Since the cemented carbide substrate essentially does not take part in the cutting operation performed by the manufactured inserts, its composition is chosen such that it provides a good bond to the PCD or PCBN abrasive, is easy to grind and contains inexpensive components and suitable fracture resistance. Preferably, a cemented carbide having 10-20% Co by weight, most preferably about 15-17%, is used. Particularly good results have been obtained with a grade of 16%. Instead of cemented carbide, titanium based carbonitrides (so-called cermets) can be used. Inserts according to the invention can further be provided with thin wear resistant coatings preferably applied by conventional PVD or CVD methods.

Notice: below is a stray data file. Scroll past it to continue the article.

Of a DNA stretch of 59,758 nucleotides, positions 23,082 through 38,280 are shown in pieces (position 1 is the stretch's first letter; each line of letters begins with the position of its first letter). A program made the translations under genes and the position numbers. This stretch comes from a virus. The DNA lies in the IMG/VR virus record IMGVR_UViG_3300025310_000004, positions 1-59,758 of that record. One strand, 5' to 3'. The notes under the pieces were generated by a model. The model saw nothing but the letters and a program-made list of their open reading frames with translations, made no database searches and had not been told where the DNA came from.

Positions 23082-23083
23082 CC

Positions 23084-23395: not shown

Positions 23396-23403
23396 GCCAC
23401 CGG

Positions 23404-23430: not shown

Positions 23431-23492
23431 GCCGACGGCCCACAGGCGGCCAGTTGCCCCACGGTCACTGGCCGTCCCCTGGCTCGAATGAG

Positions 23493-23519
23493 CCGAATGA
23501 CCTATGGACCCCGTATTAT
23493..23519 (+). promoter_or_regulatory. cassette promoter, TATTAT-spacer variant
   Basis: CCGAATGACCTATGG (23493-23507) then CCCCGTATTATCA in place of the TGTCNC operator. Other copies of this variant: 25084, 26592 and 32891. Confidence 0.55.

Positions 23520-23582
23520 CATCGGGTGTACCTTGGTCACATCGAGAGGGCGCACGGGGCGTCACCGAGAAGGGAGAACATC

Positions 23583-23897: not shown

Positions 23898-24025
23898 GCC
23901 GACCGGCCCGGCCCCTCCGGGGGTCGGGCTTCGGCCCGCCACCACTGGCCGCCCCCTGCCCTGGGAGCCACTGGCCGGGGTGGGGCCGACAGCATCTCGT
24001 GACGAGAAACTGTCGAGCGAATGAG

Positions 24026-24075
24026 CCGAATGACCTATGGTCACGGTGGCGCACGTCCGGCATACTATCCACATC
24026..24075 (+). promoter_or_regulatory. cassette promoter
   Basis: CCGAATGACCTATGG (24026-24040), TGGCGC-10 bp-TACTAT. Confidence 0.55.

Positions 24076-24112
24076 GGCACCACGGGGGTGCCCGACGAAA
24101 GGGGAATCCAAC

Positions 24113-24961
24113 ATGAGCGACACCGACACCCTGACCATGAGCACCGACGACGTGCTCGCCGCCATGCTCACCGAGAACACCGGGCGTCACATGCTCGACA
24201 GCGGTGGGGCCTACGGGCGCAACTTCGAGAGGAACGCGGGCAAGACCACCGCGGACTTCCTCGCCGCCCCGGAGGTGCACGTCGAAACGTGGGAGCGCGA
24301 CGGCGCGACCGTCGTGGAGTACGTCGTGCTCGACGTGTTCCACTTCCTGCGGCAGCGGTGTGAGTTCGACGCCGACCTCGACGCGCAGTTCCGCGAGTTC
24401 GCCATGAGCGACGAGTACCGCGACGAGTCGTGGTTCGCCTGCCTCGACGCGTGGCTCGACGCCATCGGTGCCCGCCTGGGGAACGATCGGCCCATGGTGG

A second embodiment of the invention is disclosed in connection with FIGS. 6-11. This embodiment may be preferred over that of FIGS. 1-5 in that the substrate subjected to the sintering process has no corners which can lead to the formation of stress fractures. Also, the substrate layers are not of one-piece construction, but rather are formed by individual disks 40, 50 depicted in FIGS. 6 and 7, respectively. The substrate layers 40 and 50 are round disks of generally the same size and shape, except that the layer 40 has four recesses 42 formed in its outer periphery.
The layers 40, 50 are positioned in a container 60 (see FIG. 8) in alternating fashion such that the recesses 42 form spaces 62. The spaces 62 are filled with a material 64 having superhard abrasive particles such as PCD or PCBN. The material can be in the form of a powder or pre-pressed green blanks.